Department of Education Extends Student Loan Forbearance Through Jan. 31

Borrowers may still make payments if they choose to do so as Congress also considers legislation to extend relief.

12/7/2020 11:00 AM

AdvocacyCOVID-19NewsEducation
Department of Education Extends Student Loan Forbearance Through Jan. 31

Federal student loan forbearance, interest accrual, and collections activity on federal student loans will continue through Jan. 31, 2021.

The loan forbearance was originally set to expire on Dec. 31. The U.S. Secretary of Education announced the extension last week while Congress also continues to debate providing economic relief to consumers through legislation similar to the Coronavirus Aid, Relief, and Economic Security (CARES) Act.

As Congress continues to debate a potential stimulus package by the end of the year, there has been some discussion about including additional moratoriums on student loan payments.

Meanwhile, consumers may still make payments on their federal student loans if they choose to do so. According to a news release from the Department of Education, “non-payments will continue to count toward the number of payments required under an income-driven repayment plan, a loan rehabilitation agreement, or the Public Service Loan Forgiveness program.”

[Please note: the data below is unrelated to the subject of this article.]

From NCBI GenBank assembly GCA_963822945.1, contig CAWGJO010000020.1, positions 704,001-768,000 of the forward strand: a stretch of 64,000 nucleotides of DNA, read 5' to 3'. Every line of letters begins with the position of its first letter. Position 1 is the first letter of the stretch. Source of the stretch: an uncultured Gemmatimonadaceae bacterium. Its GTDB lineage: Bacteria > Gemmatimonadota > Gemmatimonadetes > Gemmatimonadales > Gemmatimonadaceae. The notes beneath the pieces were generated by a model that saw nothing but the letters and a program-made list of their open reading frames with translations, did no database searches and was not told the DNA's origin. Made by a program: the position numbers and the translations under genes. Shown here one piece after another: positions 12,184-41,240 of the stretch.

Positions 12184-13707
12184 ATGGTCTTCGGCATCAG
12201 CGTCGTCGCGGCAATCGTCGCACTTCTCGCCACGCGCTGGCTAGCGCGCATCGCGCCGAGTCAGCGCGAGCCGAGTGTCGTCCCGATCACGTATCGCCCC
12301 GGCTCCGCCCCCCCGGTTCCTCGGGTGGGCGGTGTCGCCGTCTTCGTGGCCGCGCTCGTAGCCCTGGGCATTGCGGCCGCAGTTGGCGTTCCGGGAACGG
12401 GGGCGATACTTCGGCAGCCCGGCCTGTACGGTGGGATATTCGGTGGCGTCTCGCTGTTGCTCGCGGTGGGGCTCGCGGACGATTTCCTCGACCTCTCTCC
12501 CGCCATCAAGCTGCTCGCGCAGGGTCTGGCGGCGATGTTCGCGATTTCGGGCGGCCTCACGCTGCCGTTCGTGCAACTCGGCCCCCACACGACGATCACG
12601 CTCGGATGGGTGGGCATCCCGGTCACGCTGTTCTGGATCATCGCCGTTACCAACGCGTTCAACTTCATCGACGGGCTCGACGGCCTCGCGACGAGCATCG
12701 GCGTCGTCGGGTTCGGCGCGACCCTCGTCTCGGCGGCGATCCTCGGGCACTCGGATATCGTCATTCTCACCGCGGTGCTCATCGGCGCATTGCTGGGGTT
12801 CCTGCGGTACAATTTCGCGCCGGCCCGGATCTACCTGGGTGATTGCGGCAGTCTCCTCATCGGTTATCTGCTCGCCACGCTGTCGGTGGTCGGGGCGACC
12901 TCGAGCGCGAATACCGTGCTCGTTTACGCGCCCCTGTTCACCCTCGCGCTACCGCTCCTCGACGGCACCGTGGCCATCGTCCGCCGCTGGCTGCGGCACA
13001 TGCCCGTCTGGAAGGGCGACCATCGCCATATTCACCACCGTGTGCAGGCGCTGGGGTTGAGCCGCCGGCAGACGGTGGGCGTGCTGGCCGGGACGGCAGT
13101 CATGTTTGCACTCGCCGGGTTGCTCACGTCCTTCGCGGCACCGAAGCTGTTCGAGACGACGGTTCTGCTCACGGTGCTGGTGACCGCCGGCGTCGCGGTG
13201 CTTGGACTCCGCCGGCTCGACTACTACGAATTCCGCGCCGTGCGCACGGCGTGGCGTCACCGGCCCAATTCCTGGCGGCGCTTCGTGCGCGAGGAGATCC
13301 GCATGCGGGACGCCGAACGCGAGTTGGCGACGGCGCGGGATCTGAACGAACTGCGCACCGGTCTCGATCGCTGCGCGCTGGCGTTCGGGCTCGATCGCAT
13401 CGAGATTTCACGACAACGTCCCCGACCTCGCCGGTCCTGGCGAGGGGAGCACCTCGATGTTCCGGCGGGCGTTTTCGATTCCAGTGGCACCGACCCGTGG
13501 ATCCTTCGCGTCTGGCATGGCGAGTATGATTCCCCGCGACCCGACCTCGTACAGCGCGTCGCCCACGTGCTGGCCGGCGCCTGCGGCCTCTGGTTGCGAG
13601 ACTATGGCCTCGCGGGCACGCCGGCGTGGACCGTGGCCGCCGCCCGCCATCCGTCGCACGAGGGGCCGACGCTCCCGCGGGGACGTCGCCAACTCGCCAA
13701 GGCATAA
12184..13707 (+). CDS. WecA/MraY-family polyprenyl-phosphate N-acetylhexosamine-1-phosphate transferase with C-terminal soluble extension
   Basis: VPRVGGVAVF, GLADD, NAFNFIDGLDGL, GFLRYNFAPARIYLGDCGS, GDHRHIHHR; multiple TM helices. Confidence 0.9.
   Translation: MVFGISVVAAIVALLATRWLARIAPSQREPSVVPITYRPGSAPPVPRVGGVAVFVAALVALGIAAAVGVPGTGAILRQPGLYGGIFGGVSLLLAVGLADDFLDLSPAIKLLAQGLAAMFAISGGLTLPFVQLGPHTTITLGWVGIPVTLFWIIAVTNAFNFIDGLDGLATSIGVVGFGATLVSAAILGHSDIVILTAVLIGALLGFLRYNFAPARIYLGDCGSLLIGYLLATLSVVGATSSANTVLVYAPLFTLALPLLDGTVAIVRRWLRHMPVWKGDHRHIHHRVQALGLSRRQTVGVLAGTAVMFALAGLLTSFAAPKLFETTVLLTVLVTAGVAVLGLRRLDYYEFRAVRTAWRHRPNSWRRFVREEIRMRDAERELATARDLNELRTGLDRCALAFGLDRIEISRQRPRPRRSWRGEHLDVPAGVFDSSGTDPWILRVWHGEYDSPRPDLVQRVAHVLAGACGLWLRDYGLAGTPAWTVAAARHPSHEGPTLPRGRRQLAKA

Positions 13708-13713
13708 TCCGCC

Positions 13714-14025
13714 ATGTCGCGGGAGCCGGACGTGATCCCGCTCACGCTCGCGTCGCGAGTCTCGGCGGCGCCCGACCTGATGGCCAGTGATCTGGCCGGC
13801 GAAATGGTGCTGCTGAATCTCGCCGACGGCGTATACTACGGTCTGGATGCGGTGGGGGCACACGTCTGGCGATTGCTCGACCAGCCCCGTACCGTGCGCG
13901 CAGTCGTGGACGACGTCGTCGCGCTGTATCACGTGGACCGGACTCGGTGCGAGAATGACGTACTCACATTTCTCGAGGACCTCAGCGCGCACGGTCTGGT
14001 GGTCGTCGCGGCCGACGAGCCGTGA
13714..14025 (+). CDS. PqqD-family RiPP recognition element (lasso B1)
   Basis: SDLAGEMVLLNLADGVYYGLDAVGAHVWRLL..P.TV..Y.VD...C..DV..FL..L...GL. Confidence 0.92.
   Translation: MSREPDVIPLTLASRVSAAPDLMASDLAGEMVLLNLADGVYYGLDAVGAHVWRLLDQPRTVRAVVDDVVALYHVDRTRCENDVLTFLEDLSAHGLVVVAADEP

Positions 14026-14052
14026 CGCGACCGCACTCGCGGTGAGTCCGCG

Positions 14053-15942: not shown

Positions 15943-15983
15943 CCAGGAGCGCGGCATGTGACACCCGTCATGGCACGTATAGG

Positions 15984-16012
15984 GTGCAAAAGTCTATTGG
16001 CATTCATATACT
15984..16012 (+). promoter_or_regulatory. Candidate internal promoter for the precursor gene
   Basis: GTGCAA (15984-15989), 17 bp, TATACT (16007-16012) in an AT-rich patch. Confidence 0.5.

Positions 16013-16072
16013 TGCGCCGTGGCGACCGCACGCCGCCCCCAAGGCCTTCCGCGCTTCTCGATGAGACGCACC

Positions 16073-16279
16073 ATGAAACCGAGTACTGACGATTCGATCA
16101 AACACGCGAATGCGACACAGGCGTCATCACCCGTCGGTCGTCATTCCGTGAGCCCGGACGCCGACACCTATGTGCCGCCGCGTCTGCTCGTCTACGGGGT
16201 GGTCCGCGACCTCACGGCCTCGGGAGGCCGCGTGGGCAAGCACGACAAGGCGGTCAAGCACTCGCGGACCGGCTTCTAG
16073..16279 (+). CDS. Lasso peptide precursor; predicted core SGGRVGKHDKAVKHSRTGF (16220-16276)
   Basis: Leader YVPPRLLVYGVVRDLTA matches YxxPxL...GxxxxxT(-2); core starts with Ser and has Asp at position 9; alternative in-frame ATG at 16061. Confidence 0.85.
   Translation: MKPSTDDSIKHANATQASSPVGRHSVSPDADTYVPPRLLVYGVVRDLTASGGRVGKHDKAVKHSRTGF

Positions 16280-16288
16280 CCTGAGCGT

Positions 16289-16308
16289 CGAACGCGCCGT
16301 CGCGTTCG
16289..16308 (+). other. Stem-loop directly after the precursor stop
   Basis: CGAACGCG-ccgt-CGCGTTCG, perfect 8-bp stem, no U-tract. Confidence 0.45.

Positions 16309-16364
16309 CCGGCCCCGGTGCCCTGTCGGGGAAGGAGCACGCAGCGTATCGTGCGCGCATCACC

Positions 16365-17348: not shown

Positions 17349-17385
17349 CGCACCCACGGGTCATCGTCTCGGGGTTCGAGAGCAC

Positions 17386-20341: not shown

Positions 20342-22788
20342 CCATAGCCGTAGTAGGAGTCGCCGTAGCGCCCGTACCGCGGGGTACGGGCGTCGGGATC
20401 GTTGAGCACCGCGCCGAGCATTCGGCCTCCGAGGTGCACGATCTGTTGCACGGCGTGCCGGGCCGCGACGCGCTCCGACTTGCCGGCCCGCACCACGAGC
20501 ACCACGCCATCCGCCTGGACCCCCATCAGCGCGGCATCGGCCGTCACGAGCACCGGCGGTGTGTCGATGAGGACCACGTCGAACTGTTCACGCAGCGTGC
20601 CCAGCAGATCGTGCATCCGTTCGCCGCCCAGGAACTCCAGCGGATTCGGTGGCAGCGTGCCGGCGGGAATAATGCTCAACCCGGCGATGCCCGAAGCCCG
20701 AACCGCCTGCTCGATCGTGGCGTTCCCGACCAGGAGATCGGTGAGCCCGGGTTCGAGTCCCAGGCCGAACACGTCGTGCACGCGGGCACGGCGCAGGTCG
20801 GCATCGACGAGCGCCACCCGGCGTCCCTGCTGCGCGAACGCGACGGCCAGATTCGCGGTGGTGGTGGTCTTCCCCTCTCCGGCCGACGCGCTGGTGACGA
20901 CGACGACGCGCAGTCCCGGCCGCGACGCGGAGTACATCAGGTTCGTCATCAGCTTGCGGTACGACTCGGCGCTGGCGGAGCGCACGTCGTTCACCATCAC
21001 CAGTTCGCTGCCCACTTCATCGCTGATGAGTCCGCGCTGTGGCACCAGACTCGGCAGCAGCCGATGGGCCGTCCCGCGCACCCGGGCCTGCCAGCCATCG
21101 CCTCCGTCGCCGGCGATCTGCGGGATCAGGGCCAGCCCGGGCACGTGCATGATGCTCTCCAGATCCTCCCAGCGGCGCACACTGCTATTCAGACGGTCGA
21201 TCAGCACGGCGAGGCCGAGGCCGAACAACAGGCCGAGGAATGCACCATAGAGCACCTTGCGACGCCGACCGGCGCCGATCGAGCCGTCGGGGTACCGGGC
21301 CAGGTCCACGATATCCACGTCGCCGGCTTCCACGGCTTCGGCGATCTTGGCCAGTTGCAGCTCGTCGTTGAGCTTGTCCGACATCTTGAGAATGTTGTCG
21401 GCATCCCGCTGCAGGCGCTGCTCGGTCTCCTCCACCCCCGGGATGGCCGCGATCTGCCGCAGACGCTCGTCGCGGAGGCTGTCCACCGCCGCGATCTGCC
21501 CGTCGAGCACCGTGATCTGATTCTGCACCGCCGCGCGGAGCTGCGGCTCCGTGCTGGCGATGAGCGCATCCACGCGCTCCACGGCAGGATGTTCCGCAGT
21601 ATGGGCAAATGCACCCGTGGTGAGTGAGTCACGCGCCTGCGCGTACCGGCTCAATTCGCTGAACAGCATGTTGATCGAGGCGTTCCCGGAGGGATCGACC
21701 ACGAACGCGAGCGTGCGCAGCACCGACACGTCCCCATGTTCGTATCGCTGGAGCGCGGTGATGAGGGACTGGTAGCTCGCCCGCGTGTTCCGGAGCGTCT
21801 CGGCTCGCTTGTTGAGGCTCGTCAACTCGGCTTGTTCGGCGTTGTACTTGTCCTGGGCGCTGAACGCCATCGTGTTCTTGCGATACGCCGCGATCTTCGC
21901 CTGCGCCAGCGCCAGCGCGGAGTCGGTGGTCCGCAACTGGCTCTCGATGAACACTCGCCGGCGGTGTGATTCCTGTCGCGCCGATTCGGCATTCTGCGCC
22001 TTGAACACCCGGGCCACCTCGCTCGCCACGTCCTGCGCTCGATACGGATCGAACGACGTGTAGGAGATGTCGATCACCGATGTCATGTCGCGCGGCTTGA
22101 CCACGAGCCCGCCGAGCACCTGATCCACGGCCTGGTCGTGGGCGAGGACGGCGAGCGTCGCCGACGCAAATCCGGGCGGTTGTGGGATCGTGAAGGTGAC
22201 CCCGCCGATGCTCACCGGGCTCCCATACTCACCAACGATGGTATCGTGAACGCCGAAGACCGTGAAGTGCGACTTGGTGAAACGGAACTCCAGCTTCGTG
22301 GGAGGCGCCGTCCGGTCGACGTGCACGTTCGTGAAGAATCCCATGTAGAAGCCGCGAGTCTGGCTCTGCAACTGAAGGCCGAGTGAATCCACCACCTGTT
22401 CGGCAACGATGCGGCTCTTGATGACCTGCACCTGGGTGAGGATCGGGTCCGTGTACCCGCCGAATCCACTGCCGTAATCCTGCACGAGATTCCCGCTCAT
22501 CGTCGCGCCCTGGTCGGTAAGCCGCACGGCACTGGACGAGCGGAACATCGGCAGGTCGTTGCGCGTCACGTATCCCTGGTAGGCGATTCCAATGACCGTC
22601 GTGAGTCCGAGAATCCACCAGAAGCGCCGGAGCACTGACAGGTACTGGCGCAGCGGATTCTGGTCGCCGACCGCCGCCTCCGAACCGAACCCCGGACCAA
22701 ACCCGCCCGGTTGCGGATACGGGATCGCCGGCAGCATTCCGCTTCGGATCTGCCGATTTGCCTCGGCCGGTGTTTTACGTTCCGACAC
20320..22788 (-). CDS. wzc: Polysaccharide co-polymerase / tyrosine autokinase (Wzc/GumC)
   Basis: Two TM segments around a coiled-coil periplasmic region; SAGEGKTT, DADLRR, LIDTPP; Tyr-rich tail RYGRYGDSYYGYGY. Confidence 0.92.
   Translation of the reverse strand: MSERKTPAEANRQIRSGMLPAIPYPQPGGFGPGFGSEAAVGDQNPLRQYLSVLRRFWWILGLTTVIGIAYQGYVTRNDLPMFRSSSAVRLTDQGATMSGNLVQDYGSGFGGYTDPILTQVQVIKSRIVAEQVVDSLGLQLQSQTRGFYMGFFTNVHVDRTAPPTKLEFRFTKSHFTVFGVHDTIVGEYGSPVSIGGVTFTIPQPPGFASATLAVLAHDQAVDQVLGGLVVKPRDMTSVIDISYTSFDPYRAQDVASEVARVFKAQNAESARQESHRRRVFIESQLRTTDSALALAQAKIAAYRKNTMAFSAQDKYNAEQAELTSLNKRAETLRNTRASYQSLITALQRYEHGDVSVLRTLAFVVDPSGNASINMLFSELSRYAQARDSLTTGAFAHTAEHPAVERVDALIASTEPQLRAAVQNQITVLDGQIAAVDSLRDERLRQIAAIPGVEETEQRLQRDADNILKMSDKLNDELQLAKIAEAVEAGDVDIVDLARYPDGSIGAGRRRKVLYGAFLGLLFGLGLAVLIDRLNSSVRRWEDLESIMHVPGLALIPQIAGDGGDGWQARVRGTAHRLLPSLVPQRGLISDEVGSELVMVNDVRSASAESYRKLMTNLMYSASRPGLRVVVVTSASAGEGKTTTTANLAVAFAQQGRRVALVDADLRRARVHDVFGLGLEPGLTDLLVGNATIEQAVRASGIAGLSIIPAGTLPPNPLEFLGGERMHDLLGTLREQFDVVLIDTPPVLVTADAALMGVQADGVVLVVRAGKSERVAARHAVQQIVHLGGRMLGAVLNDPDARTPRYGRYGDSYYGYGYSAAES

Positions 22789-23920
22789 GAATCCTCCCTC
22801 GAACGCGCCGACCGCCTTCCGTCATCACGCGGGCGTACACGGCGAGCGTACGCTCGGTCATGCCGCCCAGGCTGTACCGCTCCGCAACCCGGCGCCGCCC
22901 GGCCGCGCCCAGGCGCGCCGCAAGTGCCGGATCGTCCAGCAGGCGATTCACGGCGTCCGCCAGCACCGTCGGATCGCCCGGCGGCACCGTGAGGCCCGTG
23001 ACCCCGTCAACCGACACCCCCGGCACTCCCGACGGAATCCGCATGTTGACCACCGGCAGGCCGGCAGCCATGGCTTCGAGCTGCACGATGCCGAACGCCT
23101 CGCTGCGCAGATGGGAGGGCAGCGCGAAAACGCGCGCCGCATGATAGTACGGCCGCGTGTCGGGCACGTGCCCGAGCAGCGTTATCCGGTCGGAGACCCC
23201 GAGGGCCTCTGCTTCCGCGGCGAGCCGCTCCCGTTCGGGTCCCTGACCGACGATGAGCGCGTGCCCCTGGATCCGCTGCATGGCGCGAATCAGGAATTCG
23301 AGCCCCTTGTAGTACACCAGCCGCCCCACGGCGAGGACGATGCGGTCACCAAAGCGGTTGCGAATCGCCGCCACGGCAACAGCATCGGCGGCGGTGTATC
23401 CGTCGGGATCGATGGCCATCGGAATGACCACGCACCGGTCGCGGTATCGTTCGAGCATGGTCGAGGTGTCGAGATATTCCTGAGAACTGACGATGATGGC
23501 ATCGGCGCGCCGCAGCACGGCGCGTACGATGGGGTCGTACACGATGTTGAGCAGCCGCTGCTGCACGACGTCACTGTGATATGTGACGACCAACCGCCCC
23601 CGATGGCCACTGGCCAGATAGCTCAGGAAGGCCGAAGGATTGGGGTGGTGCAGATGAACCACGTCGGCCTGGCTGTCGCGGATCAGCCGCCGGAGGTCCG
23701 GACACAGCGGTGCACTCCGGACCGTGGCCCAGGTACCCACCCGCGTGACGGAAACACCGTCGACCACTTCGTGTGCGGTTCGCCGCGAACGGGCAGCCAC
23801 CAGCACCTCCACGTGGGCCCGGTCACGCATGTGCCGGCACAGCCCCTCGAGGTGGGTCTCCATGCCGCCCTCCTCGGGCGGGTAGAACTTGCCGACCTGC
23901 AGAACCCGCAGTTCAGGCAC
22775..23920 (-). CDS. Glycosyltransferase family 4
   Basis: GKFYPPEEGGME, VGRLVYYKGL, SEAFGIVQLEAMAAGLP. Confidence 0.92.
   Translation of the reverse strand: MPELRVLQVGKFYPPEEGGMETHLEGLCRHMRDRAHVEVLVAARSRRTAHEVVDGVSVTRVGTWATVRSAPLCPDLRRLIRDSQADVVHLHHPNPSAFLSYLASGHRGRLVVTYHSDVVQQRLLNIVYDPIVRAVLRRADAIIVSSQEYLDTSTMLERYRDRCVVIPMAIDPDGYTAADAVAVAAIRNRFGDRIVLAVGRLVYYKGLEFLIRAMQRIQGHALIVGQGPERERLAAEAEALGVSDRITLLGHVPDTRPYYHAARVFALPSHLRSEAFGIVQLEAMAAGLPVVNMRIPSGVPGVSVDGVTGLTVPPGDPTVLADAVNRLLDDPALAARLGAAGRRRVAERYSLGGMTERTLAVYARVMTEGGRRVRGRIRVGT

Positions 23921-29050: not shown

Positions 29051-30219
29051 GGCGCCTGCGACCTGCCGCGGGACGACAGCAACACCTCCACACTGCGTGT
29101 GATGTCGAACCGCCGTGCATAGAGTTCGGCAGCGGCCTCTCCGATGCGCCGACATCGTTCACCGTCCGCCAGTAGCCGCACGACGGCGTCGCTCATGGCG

ACA International’s members have hardship programs in place to help consumers and encourage consumers to reach out with questions on their loan payments, even during the forbearance period.

“The coronavirus pandemic has presented challenges for many students and borrowers, and this temporary pause in payments will help those who have been impacted,” Secretary of Education Betsy DeVos said in the news release. “The added time also allows Congress to do its job and determine what measures it believes are necessary and appropriate. The Congress, not the executive branch, is in charge of student loan policy.”

Federal Student Aid is working with federal student loan servicers to notify borrowers about the relief measures, according to the news release.

Instruction issued in March 2020 for employers to stop wage garnishments for borrowers with defaulted federal student loans also remains in place, and any defaulted borrowers who continue to have their wages garnished will receive refunds, the Department of Education reports.